Cellular respiration in the presence of oxygen (aerobic respiration) is the process by which energy-rich organic substrates are broken down into carbon dioxide and water, with the release of a considerable amount of energy in the form of adenosine triphosphate (ATP). Anaerobic respiration breaks down glucose in the absence of oxygen, and produces pyruvate, which is then reduced to lactate or to ethanol and CO2. Anaerobic respiration releases only a small amount of energy (in the form of ATP) from the glucose molecule.
Respiration occurs in three stages. The first stage is glycolysis, which is a series of enzyme-controlled reactions that degrades glucose (a 6-carbon molecule) to pyruvate (a 3-carbon molecule) which is further oxidized to acetylcoenzyme A (acetyl CoA). Amino acids and fatty acids may also be oxidized to acetyl CoA as well as glucose.
In the second stage, acetyl CoA enters the citric acid (Krebs) cycle, where it is degraded to yield energy-rich hydrogen atoms which reduce the oxidized form of the coenzyme nicotinamide adenine dinucleotide (NAD+) to NADH, and reduce the coenzyme flavin adenine dinucleotide (FAD) to FADH2. (Reduction is the addition of electrons to a molecule, or the gain of hydrogen atoms, while oxidation is the loss of electrons or the addition of oxygen to a molecule.) Also in the second stage of cellular respiration, the carbon atoms of the intermediate metabolic products in the Krebs cycle are converted to carbon dioxide.
The third stage of cellular respiration occurs when the energy-rich hydrogen atoms are separated into protons [H+] and energy-rich electrons in the electron transport chain. At the beginning of the electron transport chain, the energy-rich hydrogen on NADH is removed from NADH, producing the oxidized coenzyme, NAD+ and a proton (H+) and two electrons (e-). The electrons are transferred along a chain of more than 15 different electron carrier molecules (known as the electron transport chain). These proteins are grouped into three large respiratory enzyme complexes, each of which contains proteins that span the mitochondrial membrane, securing the complexes into the inner membrane. Furthermore, each complex in the chain has a greater affinity for electrons than the complex before it. This increasing affinity drives the electrons down the chain until they are transferred all the way to the end where they meet the oxygen molecule, which has the greatest affinity of all for the electrons. The oxygen thus becomes reduced to H2O in the presence of hydrogen ions (protons), which were originally obtained from nutrient molecules through the process of oxidation.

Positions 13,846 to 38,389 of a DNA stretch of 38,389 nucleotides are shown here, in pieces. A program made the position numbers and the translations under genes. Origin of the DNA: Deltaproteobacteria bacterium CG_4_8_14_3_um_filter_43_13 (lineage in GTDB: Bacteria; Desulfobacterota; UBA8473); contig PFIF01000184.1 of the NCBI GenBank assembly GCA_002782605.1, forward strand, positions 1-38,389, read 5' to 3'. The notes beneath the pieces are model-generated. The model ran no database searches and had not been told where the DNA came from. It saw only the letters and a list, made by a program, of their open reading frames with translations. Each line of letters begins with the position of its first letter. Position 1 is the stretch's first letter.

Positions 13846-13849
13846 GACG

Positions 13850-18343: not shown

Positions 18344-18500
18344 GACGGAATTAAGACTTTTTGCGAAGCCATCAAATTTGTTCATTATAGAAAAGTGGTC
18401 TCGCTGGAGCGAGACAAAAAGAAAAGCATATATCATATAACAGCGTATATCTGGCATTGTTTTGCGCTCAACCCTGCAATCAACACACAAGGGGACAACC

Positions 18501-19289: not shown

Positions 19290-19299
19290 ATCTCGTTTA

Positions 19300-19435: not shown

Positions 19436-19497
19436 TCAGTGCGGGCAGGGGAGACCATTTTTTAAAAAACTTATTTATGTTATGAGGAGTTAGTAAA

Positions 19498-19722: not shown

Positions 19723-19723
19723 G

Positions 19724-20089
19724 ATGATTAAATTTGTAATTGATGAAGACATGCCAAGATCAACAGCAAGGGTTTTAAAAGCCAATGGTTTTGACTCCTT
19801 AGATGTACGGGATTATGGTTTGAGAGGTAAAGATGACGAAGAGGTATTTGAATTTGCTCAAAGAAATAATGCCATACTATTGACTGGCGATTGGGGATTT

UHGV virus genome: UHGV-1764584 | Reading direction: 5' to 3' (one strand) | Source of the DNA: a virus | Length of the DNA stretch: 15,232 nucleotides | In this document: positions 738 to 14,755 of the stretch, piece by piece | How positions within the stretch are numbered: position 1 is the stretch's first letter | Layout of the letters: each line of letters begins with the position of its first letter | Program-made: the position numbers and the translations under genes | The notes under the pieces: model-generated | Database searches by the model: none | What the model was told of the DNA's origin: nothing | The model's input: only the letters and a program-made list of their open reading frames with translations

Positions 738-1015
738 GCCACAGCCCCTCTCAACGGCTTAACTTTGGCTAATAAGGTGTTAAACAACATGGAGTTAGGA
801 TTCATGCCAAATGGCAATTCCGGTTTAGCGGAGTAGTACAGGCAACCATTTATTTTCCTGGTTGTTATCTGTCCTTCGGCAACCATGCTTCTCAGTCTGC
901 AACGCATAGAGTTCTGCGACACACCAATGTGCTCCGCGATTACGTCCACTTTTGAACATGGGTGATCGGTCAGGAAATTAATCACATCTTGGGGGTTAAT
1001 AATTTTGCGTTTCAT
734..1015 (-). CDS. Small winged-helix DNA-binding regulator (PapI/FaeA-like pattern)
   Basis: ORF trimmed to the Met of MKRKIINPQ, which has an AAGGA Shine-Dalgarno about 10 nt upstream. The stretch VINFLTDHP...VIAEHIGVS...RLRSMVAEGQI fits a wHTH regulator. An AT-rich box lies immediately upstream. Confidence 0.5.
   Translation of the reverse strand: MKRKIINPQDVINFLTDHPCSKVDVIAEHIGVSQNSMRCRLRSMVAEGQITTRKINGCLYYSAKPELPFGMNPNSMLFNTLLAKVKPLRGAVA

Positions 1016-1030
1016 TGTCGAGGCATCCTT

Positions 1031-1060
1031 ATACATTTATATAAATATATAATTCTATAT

During electron transport, much of the energy represented by the electrons is conserved during a process called oxidative phosphorylation. This process uses the energy of the electrons to phosphorylate (add a phosphate group) adenosine diphosphate (ADP), to form the energy-rich molecule ATP.
Oxidative phosphorylation is driven by the energy released by the electrons as they pass from the hydrogens of the coenzymes down the respiratory chain in the inner membrane of the mitochondrion. This energy is used to pump protons (H+) across the inner membrane from the matrix to the intermediate space. This sets up a concentration gradient along which substances flow from high to low concentration, while a simultaneous current of OH- flows across the membrane in the opposite direction. The simultaneous opposite flow of positive and negative ions across the mitochondrial membrane sets up an electrochemical proton gradient. The flow of protons down this gradient drives a membrane-bound enzyme, ATP synthetase, which catalyzes the phosphorylation of ADP to ATP.